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Martin Hickman: Private grief, celebrity and a network of corruption

Original Source: THURSDAY 05 APRIL 2012
Martin Hickman Thursday 05 April 2012

After six months and millions of words, the Leveson Inquiry has shone an unflattering light on journalism and the connections and corruption that entwined the Metropolitan Police and News International. The next module, into newspapers and politicians, begins next month. 


First, journalism. Many of the allegations dated as far back as the 1980s, but they were often devastating. From the News of the World's intrusive photographing of the Dowlers as they retraced their daughter's last steps, to the Daily Express's smears on Kate and Gerry McCann, to the chronicling of the mental distress of Charlotte Church's mother (News of the World again), the inquiry's first weeks were a parade of invasions of privacy and breaches of normal standards.


After the departure of the stars and the grieving, the journalists, news editors and editors were called to account. Their evidence suggested ethics were often lost in the hurly-burly, deadlines and hierarchies of the news business: the reporters who spun their stories, but then watched as news editors and headline-writers added top-spin; the editors who didn't know their reporters were hacking phones, or bribing, or blackmailing. There was always someone else to blame.


Module two was less glamorous, but shone a light on the cosiness between Scotland Yard and News International. Some of the small details stood out: the eight lunches, dinners and drinks sessions between the now-resigned Assistant Commissioner John Yates and the News of the World's former deputy editor Neil Wallis in 2009 and 2010; the filing of a story by Lucy Panton, the News of the World's crime editor, from the computer of the Yard's now-resigned director of public affairs, Dick Fedorcio; the loan of the police horse Raisa to Rebekah Brooks, then editor of The Sun, after a lunch with the Commissioner, Sir Ian Blair. All circumstantial, all potentially signifying nothing more than mere friendliness.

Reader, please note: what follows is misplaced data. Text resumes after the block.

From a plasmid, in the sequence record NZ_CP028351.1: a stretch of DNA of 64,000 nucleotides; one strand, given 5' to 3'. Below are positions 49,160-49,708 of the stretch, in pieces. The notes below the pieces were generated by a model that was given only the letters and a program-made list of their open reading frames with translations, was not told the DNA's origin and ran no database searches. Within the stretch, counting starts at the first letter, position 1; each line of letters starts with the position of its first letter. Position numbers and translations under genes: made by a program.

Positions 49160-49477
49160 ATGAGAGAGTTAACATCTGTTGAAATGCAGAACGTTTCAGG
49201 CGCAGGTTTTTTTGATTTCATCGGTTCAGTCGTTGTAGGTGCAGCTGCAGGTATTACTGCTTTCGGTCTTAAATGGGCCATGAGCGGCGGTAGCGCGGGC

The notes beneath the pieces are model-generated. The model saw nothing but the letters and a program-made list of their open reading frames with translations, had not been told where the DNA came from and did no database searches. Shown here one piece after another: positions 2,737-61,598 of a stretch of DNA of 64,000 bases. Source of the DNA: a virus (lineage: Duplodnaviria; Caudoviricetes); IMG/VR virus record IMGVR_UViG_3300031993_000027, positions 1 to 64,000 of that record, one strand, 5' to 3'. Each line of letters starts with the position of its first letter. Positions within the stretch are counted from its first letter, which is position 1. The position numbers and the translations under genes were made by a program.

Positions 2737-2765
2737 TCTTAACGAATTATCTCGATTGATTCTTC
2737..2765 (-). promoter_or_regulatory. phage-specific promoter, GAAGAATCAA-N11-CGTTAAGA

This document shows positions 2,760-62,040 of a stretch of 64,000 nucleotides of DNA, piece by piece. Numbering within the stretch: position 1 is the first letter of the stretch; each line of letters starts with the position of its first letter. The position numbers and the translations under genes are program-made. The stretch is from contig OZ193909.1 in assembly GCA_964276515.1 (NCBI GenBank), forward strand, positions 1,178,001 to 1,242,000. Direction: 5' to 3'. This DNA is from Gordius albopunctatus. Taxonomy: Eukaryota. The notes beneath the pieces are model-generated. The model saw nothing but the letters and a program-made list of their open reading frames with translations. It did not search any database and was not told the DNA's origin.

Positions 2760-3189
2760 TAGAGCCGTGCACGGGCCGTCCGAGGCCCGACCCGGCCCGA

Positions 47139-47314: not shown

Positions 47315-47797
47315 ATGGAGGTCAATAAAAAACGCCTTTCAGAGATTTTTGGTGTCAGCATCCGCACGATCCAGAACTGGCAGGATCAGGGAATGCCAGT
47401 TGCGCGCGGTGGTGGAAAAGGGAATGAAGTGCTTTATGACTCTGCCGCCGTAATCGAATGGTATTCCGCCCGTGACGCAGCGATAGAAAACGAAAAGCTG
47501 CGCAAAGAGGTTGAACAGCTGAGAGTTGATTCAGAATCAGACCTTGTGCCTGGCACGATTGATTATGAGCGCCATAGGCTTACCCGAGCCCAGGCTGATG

But then came the hard evidence of Wapping's power: Sue Akers' extraordinary testimony about The Sun running a "network of corrupted officials" across public life.


Why did the Met's original investigation go so badly wrong in 2006? Clues come in the information about the inquiry "the cops" gave to Brooks in September 2006 and the evidence of David Perry, QC, yesterday that Scotland Yard officers, when asked whether any more journalists were involved in phone hacking, said: "No."


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